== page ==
We need rain.
I’ve farmed in Northeast Iowa for nearly half a century, and this summer is possibly the driest I’ve ever seen.
We may not have it as hot and dry as the Pacific Northwest right now, where a furnace-like heat wave has sparked raging fires, but it’s still pretty bad. A map published by the U.S. Drought Monitor shows això 83 percent of Iowa’s counties are now suffering from some level of drought.
Even when it rains it doesn’t rain. A recent weather forecast predicted three inches of precipitation, which would have been more than welcome. en comptes, we got about three-tenths of an inch. To grow a decent crop of corn and soybeans, I need around two inches of rainfall per week.
A la meva granja, the presence or absence of regular rain can make the difference between a boom year or a bust.
One thing I’ve learned across the decades is that dry weather affects us all, often in unexpected ways. For producers like me, a lack of rain can mean a loss of income. For all of us as consumers, it can lead to higher food prices.
Those are the most obvious effects. Others are less visible but nearly as important. The weather in Central America, per exemple, can influence food security everywhere, as a news article in the Wall Street Journal about the Panama Canal reminds us.
ho tinc visited the Panama Canal several times, and I’ve written Sobre its value and importance. It’s a marvel of engineering that involves elevating and lowering big ships as they move through the isthmus in a passage that connects the Pacific Ocean with the Atlantic Ocean (via the Caribbean Sea).
The canal requires a lot of rain, massa. That’s how it keeps large ships afloat.
Per sort, Panama is basically a rainforest. Only four countries receive more rainfall each year.
Yet the canal is always thirsty.
“The Panama waterway depends on rainwater to fill reservoirs and lakes that provide trillions of gallons of freshwater to fill the locks, which empty into the sea after every use,” writes Journal reporter Santiago Perez. “Its daily water consumption is triple that of New York City. Every time a ship traverses the waterway, the canal uses between 200 million and 350 million gallons of water—enough to fill as many as 500 Olympic-sized swimming pools.”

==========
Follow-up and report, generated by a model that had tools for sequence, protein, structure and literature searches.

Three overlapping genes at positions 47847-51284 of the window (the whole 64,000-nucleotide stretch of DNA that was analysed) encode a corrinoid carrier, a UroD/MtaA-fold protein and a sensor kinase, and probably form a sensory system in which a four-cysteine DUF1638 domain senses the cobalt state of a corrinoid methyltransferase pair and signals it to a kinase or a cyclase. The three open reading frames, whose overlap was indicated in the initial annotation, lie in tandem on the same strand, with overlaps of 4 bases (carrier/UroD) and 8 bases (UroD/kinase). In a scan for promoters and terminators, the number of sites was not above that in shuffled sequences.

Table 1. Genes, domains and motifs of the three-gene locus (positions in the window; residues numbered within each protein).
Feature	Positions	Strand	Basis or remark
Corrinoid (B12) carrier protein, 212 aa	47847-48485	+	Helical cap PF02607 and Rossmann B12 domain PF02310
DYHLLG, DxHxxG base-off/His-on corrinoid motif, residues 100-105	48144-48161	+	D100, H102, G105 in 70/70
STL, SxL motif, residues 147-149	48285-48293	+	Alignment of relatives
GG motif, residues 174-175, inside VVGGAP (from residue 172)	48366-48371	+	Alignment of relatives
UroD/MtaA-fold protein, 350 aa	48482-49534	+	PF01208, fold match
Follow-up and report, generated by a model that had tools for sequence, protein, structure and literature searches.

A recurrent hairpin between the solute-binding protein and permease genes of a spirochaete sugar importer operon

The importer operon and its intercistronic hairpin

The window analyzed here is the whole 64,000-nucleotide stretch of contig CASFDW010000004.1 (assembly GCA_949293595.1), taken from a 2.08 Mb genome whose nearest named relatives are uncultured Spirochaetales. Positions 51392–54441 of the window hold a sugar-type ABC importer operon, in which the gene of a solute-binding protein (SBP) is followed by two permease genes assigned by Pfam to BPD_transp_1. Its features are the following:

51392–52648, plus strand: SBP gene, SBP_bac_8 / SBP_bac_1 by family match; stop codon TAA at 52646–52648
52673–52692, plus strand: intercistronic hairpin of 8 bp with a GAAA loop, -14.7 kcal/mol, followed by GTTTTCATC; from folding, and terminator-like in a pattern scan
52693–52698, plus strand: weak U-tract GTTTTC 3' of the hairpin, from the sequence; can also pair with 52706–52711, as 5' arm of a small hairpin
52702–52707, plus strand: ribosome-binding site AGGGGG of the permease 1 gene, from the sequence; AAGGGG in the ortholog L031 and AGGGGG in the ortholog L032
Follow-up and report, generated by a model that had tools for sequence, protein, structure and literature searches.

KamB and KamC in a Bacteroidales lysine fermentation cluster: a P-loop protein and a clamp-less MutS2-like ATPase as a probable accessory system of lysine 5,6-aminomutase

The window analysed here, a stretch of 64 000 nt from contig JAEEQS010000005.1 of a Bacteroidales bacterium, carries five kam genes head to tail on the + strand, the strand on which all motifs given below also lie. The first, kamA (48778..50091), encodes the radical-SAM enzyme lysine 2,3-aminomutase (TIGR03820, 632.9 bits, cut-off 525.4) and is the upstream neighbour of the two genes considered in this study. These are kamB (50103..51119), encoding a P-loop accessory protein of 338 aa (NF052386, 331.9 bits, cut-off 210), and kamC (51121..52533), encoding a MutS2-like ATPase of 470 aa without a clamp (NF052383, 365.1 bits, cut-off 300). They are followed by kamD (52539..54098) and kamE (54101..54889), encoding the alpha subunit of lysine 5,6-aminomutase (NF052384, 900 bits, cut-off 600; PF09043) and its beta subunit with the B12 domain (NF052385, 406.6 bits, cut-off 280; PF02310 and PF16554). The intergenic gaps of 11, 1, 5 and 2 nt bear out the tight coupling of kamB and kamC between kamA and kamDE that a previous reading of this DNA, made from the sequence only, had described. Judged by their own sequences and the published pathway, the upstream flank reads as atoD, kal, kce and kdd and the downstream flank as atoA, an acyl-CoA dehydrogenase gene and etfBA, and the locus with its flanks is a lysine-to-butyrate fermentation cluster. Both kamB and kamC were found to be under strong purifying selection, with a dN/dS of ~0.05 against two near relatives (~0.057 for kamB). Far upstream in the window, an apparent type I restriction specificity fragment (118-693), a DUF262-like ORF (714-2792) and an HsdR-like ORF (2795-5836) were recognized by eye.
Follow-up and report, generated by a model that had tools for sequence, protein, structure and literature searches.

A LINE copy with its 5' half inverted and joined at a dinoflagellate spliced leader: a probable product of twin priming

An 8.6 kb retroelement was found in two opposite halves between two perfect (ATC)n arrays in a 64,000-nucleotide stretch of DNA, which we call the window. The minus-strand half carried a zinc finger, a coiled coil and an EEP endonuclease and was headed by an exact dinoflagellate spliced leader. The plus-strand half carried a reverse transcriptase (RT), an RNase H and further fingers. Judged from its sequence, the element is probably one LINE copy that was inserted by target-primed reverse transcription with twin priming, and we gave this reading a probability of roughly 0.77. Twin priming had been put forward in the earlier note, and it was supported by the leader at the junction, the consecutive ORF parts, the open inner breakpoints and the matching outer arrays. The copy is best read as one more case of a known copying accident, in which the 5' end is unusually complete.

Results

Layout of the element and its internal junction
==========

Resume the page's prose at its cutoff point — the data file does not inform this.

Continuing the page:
Four of the last seven years have been among the driest since 1950, according to the Panama Canal Authority. Efforts are underway to improve the infrastructure of the canal and conserve more water, but we’re at the mercy of rainfall: If Panama doesn’t get enough of it, then ships can’t move through the Panama Canal as they should.
We were reminded about the vulnerability of canals earlier this year, when a ship ran aground in the Suez Canal.
A common statistic points out that four percent of global trade passes through the Panama Canal. This obscures its importance to the United States. Més que 10 percent of our foreign trade relies on it, including about 40 percent of the commerce between the eastern seaboard and Asia.
It matters a lot to me personally. After a harvest in Iowa, my crops often float down the Mississippi River and then travel through the Panama Canal as they head for China, Japó, Indonèsia, Taiwan, and other destinations on the Pacific Rim.
Just as the amount of rainwater in Panama affects my farm in Iowa, a drought on my farm can drive up the price of food in Jakarta.
My challenges in Iowa usually involve too much rain rather than too little. Yet we can mitigate the bad effects of weather through technology and infrastructure. Drought-resistant crops developed with technology are better able to survive dry spells. Improving locks and dams along the Mississippi River and in Panama can keep maritime commerce moving.
These are choices: We can embrace the science that supports crops improved with GM technology as safe and healthy, and we can make the investments that keep our food supply and transportation systems resilient. Or we can forsake the tools that keep food abundant and available.
mentrestant, the forecast says thunderstorms are on their way to my area. I sure hope so.